Weather, too, can change the planned course of a commencement ceremony. “We’ve had every kind of weather imaginable over the years—from cold rain and strong winds to intense heat, and everything in between,” Kasle says. “This year, I honestly expected to see animals marching two by two down Constitution Avenue looking for a guy named Noah and his ark!”
And, of course, nobody will forget 1995, when a lightning storm forced the cancellation of commencement just before its scheduled start. At that time, the MCI Center didn’t exist and there was no venue in Washington large enough to accommodate GW’s needs for an alternate site.
In 2002 and 2003, GW secured the MCI Center as a back-up site to use in the event of life-threatening weather or local or national emergencies. “You never know in our post-9/11 world when the day will come when circumstances or directives will require us to move the event indoors,” Freedman says. “The MCI Center is essentially our insurance policy, and all of the planning that is done for the Ellipse ceremony is done, at least on paper, for the MCI Center—from walk-throughs to contingency plans for bus service. Every ounce of effort that goes into planning for the Ellipse is duplicated for the MCI Center. The best-case scenario is that all of our planning at the MCI Center is for naught, and that’s the way we want it to continue to be.”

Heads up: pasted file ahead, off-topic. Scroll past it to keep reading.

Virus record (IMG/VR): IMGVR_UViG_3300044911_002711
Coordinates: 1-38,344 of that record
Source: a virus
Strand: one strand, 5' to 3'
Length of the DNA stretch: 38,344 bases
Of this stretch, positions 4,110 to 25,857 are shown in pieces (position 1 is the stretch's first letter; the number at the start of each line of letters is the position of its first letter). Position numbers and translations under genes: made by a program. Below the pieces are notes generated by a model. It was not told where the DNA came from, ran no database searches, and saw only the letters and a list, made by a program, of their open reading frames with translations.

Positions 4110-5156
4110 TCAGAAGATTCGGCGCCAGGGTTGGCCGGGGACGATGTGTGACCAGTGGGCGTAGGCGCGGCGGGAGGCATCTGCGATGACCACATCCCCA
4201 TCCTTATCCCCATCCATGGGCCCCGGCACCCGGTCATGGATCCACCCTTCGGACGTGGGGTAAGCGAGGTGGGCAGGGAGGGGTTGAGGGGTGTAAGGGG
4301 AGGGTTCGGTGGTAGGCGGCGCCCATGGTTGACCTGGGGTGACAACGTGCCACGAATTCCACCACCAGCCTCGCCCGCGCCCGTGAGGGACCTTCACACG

The planning and efforts put into commencement are intensified in the days just before the ceremony. According to Jim Hess, who coordinates the massive logistics, the pace of activity picks up dramatically on the Monday before commencement. “Banners are pulled out and organized to use at the various events, and stakes are put in the ground on the Ellipse to mark out where the stage, tents, and chairs will be positioned,” he says. On Tuesday, the University-hired tent company, sound company, and staging company begin setting up their equipment on the Ellipse. “It takes two tractor-trailers to bring the required 20,000 chairs to the Ellipse for commencement,” says Hess. “We hire around 400 GW student employees to assist with all of the commencement week activities. After several days of effort, we usually put the finishing touches on the Ellipse by Saturday morning, since we like to build in some extra time in case we run into bad weather.”
Weather can affect the commencement set-up as well as the actual ceremony. “If the weather doesn’t cooperate, it can make things tricky,” says Tony Vecchione, assistant athletic director for facilities and operations, who has overseen the set up of the Ellipse for the past four years. “Rain really hinders set-up, since the National Park rangers ask us to protect the grass by putting down plywood roads to bring in the equipment. We also have to protect the sound equipment from the rain, wipe down 20,000 chairs for the patrons, and put down drying agents on the ground to make it more walkable. Set-up is also tough in extreme heat. We feel very lucky when we have a couple of dry, breezy days to get the job done. ”